How to Increase Relationship Intimacy in Stressful Times

Some simple steps can help couples stay connected while confined at home.

Posted Oct 28, 2020

In these times, couples that work from home and see each other 24/7 recognize the difficulty of staying emotionally and romantically connected, especially if they have children. Your living environment can feel confining and stressful, and the whole situation makes it difficult to give enough continuous attention to your romantic relationship. Many people are speaking about this dilemma in their psychotherapy sessions. Some recent research, however, suggests that a few simple steps can help energize your intimate connection with your partner as we all live through these pandemic days. Knowing how to do that will also benefit your relationship in “normal times,” when, hopefully, they return. Here are some of the steps people can take:

Express More Than just “Thanks!”

One of these new studies found that when you take time to express appreciation to your partner for even small acts of thoughtfulness – but with more descriptive words of gratitude than you might normally offer – the recipient reports feeling more positive and intimate toward you, in return.

To explain, it’s been established that gratitude creates greater bonds between people, but the researchers noted that some expressions of gratitude might cause the other person to feel guilty or embarrassed. So they looked more deeply into what occurs with different forms of expression. They found that when you elaborate on how grateful you feel about your loved one's response to your needs, your partner feels more loving, in return. And that enhances the relationship between the two of you. An example: Saying not just, “Thanks for remembering to pick up some things from the cleaners,” but something like “Hey, that was really thoughtful that you remembered. It helped with my crazy schedule; I really appreciate that!” The research, described here, found that those additional expressions of gratitude arouse more positive emotions in the recipient towards the partner. And that can be especially good for your relationship during this period of home confinement. The study was led by a team from the University of Toronto and published in the Journal of Social and Personal Relationships.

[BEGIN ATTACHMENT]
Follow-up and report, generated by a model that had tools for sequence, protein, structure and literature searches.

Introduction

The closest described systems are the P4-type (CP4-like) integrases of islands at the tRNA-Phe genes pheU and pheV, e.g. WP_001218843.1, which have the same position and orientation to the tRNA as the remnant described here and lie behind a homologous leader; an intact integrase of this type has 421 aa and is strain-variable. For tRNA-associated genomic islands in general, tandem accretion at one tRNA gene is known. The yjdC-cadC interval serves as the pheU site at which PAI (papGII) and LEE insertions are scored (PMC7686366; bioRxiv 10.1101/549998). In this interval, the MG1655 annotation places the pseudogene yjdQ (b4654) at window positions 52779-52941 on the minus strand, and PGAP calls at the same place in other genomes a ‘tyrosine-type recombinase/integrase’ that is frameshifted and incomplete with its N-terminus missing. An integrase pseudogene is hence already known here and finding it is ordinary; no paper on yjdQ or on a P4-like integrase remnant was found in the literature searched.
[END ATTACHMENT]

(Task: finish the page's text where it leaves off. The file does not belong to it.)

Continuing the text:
Two other findings reveal what else can help:

Align Your Personal Desires

This study found that communicating and describing to your partner what you’re aiming for or seeking — it may concern your personal goals, your work, your desires — tends to evoke the same desires in your partner, in his or her own way. And that creates a greater sense of connection. However, the research, from the University of Basil and described here, raises the possibility of either positive or negative outcomes when you do that with your partner. As I described in a previous post about “radical transparency,” the positive outcome of seeing a shared alignment is that it can strengthen feelings of intimacy; of being on the same “wavelength" on your journey together.

But it might also reveal that you’re not so aligned — that your partner reveals a desire for a different direction, or a different aim than your own. Of course, that could lead to positive, constructive efforts to resolve those differences. Or, it might expose deeper incompatibility. In any case, the stress of pandemic confinement upon couples highlights the importance of exploring whether you can create greater alignment in your individual life aims and desires during a stressful and uncertain time. And that outcome will carry over into post-pandemic times. The research was published in the Journal of Gerontology.

Finding Happiness With Each Other Increases Your Health

A third recent study found an interesting link: Couples that express happiness derived from just being together – through the ups and downs of life – tend to have greater overall health. Individuals in such couples experience less decline and fewer risk factors with age, according to the research, described here. I think that such couples are likely to share a common core of just enjoying each other’s company, along the way, whether by accident — "lucking out" with the right partner — or because they worked at building it. That was found in other research I described in a previous post as the “secret” of happy couples. The study linking happiness and health was conducted by Michigan State University and published in the Journal of Personality.    

The accumulated evidence from these and similar empirical studies confirms and underscores what we see in therapy with individuals and couples. The data adds helpful guidance for finding ways to sustain intimacy during this time of extended stress. Needless to say, that's also helpful for sustaining your emotional and romantic connection over the long run of your relationship.